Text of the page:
Monday, July 20, 2009

Apollo or Manhattan project for energy won't work.

On the occasion of the 40th anniversary of the first men landing on the moon, there's more talk about establishing an Apollo-scale project for solving the energy/climate crisis.
Lloyd Alter at Treehugger throws some cold water on that idea:
And [the Apollo project] was a marvelous accomplishment. But as a model of design and engineering, it was a one hit wonder, an extravagant waste of materials, and not a model for anything we should be doing today.

He links to an older article by Dan Greenberg at The Chronicle Review who sums it up nicely:
As handy metaphors for all-out government concentration on a clearly identified technological goal, Manhattan and Apollo are winners. But care should be taken in extrapolating their success to today’s energy problems. The big difference is that Manhattan had one customer, the U.S. Army, and Apollo also had only one, NASA (with a pork-happy Congress cheering it on). The goals were clear: Beat the Nazis to the bomb and the Soviets to the moon. Financed with blank checks, run by chiefs appropriately referred to as “czars,” and unimpeded by diverse political and economic interests, the two projects decisively proceeded to their successful conclusions.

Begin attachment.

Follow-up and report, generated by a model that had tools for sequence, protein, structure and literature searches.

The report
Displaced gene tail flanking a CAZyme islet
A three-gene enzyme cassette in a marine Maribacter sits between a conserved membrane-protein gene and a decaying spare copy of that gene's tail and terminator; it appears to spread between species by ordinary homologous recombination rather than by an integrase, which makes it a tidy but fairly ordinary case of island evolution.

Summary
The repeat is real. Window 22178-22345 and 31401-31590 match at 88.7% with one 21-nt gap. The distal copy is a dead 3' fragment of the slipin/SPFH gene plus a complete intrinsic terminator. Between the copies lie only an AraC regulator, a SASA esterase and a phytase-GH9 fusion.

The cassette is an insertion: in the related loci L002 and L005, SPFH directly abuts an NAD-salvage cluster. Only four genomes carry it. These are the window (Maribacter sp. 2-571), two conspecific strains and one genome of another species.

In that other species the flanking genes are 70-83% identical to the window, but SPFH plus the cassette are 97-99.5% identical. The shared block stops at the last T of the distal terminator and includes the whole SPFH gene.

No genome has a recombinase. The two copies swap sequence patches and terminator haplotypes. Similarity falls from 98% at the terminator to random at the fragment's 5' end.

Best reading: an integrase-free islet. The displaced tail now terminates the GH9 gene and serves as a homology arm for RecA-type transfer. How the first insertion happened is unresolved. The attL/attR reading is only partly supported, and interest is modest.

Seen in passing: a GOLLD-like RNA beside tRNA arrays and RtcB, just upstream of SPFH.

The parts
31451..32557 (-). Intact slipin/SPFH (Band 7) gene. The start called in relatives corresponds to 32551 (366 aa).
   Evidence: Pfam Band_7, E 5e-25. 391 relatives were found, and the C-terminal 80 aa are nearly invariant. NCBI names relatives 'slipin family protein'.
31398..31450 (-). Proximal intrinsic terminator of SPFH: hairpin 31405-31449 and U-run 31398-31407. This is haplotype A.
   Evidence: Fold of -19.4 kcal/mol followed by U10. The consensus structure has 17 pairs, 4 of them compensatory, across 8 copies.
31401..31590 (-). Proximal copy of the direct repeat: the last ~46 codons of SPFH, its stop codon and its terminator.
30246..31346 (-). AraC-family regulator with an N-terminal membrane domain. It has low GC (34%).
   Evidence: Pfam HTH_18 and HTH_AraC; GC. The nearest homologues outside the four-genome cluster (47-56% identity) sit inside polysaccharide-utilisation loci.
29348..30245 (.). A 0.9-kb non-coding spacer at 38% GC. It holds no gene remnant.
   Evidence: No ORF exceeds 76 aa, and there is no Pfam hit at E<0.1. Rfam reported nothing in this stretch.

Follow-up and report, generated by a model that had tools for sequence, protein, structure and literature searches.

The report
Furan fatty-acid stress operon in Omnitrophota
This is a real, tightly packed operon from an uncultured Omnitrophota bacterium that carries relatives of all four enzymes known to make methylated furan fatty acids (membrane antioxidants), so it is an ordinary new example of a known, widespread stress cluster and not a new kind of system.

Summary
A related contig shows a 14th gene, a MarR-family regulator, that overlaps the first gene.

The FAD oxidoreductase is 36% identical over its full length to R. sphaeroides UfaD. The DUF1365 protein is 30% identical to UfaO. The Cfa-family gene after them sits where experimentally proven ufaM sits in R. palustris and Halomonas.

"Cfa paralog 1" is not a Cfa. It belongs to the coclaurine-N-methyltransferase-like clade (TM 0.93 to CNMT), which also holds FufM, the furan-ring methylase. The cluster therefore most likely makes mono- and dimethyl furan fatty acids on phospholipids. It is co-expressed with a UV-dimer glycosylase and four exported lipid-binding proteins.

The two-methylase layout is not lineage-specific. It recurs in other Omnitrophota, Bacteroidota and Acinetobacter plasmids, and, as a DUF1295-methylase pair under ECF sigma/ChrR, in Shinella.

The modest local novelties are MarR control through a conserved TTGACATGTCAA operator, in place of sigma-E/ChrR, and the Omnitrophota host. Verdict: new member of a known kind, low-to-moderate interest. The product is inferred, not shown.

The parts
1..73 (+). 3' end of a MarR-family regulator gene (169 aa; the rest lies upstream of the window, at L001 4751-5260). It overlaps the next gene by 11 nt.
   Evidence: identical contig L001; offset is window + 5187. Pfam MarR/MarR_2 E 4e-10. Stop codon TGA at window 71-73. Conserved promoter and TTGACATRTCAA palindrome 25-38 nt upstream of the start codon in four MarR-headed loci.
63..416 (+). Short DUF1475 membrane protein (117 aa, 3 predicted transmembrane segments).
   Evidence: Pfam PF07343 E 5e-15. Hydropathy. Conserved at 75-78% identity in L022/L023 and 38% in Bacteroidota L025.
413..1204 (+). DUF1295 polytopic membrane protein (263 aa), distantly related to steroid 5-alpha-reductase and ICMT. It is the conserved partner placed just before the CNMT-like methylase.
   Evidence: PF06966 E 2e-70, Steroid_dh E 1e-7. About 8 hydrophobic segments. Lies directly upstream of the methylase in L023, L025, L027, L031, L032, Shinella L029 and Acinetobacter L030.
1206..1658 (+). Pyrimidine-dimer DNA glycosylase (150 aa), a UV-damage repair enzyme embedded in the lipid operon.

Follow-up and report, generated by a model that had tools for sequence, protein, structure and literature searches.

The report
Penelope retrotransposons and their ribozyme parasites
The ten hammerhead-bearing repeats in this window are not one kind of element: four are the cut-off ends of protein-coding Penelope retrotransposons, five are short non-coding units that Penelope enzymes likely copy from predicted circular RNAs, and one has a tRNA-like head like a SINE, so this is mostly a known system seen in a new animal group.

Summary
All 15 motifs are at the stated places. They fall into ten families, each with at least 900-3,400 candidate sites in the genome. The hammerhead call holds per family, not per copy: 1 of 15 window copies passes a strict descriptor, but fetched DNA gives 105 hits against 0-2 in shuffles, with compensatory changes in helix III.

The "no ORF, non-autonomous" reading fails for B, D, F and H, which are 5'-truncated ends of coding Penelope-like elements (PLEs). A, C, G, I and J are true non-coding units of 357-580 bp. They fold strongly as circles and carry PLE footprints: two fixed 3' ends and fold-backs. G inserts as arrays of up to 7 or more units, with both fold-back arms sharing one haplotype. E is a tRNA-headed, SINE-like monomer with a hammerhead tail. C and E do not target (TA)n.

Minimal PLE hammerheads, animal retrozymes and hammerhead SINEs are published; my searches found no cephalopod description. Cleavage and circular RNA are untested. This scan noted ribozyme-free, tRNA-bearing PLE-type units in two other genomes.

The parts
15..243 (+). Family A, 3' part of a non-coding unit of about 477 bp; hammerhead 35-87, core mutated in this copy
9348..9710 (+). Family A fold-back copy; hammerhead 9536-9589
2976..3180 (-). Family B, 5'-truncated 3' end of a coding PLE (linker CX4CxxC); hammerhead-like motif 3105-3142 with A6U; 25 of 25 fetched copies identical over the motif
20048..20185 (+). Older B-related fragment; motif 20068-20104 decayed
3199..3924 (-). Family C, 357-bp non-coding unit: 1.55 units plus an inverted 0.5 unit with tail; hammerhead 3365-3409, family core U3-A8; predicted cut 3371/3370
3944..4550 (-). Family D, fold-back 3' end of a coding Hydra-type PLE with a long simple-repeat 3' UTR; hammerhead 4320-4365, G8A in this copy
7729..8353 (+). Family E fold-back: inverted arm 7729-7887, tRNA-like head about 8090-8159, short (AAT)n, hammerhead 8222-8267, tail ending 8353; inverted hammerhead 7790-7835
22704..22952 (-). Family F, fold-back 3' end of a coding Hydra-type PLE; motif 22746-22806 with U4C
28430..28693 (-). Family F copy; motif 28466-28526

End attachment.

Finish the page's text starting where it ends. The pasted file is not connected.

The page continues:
In contrast, our energy and climate-change problems originate more in political, economic, and cultural entanglements than in technological deficiencies.
Sure, laboratory wizardry is needed to make do with less and cleaner energy sources, but the reality is that superior technologies remain undeployed because of the aforementioned impediments.

I would add that its more than just one customer that made those projects successful. Its that they were focused on building one physical thing: an atom bomb and a rocket to the moon. They had a much more well defined problem then "solve the energy crisis." As has been pointed out multiple times, there is no "silver bullet", no one machine to build, that can solve the climate/energy crisis. You have to do a lot of things: efficiency, transportation infrastructure, renewable energy production. There's some well-defined engineering problems to work on but those will do fine within the current research structure, provided they are adequately funded. The political and cultural work to be done is greater.

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